Member since 2021 • 2478 Posts

How about we improve public transportation and stop designing cities like we still live in the old west? Meaning all these wide roads, flat buildings and so many wasteful stretches of space between buildings. Our cities are extraordinarily ugly, because they're so heavily designed for damnable cars.

There are projects I like working on my computer, but I don't think there's a big market for any of them. If you push for more work from home positions, most of them will just be customer service. A call center from home. Customer service is stressful and demeaning.

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deactivated-631373f44e9fd

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#19 deactivated-631373f44e9fd
Member since 2004 • 549 Posts

a 40 hour work week in 4 days is not working less.

smoke another one.

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Maroxad

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#20 Maroxad
Member since 2007 • 23963 Posts

A 4 day work week is pretty compelling. By far the thing I like the least about working is commuting from and to work. It is an office job so I can work any day from home, but yeah.

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#21  Edited By mattbbpl
Member since 2006 • 23048 Posts

@loonski said:

a 40 hour work week in 4 days is not working less.

smoke another one.

If you crunch it down into 2 days, you'll get what we in IT call "a weekend."

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deactivated-631373f44e9fd

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#22 deactivated-631373f44e9fd
Member since 2004 • 549 Posts

@warm_gun: working customer service made me more concerned about edc (every day carry) than walking down some shady alley st at night, lol.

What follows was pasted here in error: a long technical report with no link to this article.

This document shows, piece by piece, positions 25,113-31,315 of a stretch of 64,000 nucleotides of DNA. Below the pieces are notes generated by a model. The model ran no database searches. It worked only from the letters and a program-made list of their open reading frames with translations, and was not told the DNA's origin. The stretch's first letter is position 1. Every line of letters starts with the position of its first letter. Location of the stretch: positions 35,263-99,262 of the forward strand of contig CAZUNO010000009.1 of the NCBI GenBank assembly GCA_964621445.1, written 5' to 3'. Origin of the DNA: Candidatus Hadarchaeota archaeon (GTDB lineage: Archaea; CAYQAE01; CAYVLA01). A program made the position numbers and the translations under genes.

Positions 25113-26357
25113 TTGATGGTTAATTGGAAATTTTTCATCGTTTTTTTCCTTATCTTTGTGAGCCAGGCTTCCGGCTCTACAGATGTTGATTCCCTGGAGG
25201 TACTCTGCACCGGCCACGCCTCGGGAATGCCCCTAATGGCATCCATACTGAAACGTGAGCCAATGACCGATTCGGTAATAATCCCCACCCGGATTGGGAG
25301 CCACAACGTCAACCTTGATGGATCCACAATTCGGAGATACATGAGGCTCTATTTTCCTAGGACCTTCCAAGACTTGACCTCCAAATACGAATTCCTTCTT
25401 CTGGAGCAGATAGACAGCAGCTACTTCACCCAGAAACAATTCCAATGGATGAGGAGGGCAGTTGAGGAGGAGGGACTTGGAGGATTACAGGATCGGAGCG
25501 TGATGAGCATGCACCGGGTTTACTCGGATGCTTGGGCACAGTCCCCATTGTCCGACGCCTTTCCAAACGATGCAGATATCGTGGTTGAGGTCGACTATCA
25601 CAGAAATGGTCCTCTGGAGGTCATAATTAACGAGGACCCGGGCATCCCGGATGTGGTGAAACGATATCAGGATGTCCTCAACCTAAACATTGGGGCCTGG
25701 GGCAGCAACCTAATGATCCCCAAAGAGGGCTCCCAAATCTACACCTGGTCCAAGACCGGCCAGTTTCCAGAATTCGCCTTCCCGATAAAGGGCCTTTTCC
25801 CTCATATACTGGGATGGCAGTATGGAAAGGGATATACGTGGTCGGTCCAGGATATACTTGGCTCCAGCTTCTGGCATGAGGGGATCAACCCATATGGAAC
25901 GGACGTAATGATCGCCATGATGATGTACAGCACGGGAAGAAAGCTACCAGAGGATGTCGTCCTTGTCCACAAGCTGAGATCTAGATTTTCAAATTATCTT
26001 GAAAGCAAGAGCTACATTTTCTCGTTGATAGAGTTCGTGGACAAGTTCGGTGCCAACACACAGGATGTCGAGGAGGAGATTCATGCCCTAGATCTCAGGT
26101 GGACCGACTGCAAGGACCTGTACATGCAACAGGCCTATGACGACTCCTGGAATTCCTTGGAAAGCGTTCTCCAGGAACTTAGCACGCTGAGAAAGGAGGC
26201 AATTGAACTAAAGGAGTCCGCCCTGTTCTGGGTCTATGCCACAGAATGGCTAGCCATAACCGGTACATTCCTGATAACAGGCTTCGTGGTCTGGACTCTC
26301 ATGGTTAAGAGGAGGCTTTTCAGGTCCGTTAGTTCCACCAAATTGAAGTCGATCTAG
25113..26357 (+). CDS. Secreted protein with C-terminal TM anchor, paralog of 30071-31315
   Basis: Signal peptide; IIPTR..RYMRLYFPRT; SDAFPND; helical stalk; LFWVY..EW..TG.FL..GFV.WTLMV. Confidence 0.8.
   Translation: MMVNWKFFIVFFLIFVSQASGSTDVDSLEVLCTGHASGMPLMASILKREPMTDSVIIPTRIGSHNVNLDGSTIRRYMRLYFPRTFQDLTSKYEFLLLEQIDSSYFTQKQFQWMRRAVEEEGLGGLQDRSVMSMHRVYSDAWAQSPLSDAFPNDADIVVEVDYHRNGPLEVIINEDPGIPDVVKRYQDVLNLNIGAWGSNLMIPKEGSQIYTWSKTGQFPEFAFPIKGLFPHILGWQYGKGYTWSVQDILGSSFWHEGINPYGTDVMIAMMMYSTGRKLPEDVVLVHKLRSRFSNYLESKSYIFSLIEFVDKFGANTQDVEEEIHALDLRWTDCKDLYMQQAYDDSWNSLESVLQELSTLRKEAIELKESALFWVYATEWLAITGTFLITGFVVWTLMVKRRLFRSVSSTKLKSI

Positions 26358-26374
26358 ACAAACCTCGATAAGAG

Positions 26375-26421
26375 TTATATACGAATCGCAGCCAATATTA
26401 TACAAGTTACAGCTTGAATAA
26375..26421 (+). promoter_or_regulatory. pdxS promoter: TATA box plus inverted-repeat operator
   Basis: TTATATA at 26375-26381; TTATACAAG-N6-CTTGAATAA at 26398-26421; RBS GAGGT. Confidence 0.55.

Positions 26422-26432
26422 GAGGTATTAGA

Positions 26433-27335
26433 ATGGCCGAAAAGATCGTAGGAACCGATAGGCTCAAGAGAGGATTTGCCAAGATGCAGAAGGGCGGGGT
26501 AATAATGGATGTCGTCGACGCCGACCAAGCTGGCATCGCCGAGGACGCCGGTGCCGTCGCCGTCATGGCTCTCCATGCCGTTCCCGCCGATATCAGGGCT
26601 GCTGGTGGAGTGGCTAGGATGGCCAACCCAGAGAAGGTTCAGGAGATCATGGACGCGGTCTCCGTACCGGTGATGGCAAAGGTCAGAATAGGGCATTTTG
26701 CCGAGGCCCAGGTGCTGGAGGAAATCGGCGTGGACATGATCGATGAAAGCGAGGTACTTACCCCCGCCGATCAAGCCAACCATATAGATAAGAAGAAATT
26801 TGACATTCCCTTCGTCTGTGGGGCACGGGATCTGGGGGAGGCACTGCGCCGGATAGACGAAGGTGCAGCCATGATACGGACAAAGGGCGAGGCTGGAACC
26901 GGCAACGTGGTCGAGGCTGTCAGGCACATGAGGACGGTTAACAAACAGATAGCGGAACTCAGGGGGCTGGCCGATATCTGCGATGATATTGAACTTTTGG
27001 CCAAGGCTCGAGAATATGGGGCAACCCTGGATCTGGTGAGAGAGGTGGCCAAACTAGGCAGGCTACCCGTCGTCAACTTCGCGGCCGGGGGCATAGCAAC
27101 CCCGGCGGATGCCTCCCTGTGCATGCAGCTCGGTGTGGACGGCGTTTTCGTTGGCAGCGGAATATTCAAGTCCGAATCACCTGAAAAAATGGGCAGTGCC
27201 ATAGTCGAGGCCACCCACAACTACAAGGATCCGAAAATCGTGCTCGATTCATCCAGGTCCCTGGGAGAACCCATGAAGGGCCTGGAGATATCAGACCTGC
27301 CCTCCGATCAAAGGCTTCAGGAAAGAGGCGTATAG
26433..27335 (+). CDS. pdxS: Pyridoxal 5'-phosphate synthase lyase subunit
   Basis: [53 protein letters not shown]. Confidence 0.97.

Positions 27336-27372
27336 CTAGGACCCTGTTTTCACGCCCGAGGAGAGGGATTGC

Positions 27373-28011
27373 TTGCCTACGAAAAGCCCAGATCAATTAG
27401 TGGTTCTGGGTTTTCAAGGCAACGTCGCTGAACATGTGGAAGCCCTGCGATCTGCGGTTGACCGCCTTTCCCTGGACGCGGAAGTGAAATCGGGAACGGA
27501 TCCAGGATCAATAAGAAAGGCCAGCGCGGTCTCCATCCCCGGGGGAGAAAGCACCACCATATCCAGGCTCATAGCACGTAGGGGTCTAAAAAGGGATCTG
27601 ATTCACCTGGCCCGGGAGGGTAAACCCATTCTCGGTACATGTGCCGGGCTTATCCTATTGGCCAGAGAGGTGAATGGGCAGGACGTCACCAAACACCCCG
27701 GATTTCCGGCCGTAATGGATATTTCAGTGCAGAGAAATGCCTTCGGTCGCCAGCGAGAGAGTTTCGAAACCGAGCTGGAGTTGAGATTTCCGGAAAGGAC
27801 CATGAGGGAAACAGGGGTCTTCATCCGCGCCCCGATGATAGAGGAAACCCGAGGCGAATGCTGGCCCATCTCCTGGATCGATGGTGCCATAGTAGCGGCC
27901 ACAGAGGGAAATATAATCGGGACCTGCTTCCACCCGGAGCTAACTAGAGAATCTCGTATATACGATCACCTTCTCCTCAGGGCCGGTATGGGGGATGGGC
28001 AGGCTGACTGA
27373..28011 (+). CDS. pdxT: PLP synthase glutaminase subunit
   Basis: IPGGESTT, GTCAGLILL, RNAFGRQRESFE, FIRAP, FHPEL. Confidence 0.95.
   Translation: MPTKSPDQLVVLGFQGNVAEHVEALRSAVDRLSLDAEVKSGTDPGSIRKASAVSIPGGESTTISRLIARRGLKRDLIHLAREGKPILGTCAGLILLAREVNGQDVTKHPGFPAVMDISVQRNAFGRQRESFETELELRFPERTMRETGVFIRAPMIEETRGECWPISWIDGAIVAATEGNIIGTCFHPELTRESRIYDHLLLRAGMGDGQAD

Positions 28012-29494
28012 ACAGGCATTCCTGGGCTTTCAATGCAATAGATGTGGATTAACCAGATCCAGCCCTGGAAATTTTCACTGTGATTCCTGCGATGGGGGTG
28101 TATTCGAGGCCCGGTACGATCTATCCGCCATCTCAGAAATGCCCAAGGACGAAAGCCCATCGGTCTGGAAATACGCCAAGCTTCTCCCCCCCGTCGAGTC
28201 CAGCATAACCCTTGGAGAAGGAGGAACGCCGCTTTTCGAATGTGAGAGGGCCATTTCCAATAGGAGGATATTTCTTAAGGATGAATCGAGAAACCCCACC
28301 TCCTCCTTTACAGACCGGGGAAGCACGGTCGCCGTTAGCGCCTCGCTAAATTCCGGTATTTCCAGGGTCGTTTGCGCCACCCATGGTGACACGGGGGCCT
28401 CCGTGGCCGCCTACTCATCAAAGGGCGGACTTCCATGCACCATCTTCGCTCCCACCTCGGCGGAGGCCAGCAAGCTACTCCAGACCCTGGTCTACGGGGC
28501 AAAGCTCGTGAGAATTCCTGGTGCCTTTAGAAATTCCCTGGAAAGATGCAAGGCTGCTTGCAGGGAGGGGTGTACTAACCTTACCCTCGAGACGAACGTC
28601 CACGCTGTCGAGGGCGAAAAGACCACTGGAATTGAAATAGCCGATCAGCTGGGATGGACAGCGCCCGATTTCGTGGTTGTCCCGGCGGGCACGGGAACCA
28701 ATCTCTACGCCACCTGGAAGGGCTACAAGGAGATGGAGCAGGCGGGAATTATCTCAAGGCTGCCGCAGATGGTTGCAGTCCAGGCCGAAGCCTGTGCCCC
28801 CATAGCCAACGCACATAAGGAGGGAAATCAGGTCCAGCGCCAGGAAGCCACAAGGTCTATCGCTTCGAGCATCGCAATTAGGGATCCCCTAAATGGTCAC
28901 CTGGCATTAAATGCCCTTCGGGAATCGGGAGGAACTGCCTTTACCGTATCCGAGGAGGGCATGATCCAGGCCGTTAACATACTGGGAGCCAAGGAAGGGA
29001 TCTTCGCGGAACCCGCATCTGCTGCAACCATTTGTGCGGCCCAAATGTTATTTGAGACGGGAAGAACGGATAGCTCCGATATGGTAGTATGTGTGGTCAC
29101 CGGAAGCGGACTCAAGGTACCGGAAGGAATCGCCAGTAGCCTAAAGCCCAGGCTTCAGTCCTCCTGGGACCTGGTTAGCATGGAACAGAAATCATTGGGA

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tjandmia

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#23 tjandmia
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@Serraph105 said:

@tjandmia: people gotta drive and use gas regardless of the speed they drive in the moment.

They do have to drive and use gas. They don't have to waste gas by driving unnecessarily fast. They choose to do that. That means gas isn't expensive enough to change bad habits.

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gamefan606

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#24  Edited By gamefan606
Member since 2005 • 3930 Posts

@sargentd said:

FYI most jobs can't be done from home

That doesn't change the fact that there are other jobs that can be done from home. Taking all those unnecessary trips out of public roads will benefit everyone who still has to commute to work.

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SargentD

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#25 SargentD
Member since 2020 • 8324 Posts

@gamefan606: working from home isn't going to lower gas prices.. that's a side effect of not wanting to drive because of higher gas prices...

Solution is extremely simple, and the USA has enough resources to make it happen. DRILL BABY DRILL

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deactivated-631373f44e9fd

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#26 deactivated-631373f44e9fd
Member since 2004 • 549 Posts

@sargentd: stop staring at boeberts butt.

j/k

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#27 HoolaHoopMan
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I love this idea that the only way to fight world wide oil price surging is to produce more domestic oil at home, which will likely hit international markets and be spent abroad. It's not like domestic production will be sold to Americans first or at a discount. Those companies are going to sell it to the highest bidder. Sure, by pumping more the oil market will be flooded with more supply but nothing is solved except for 'somewhat' short term price reductions. But eventually we end up right back where we ended.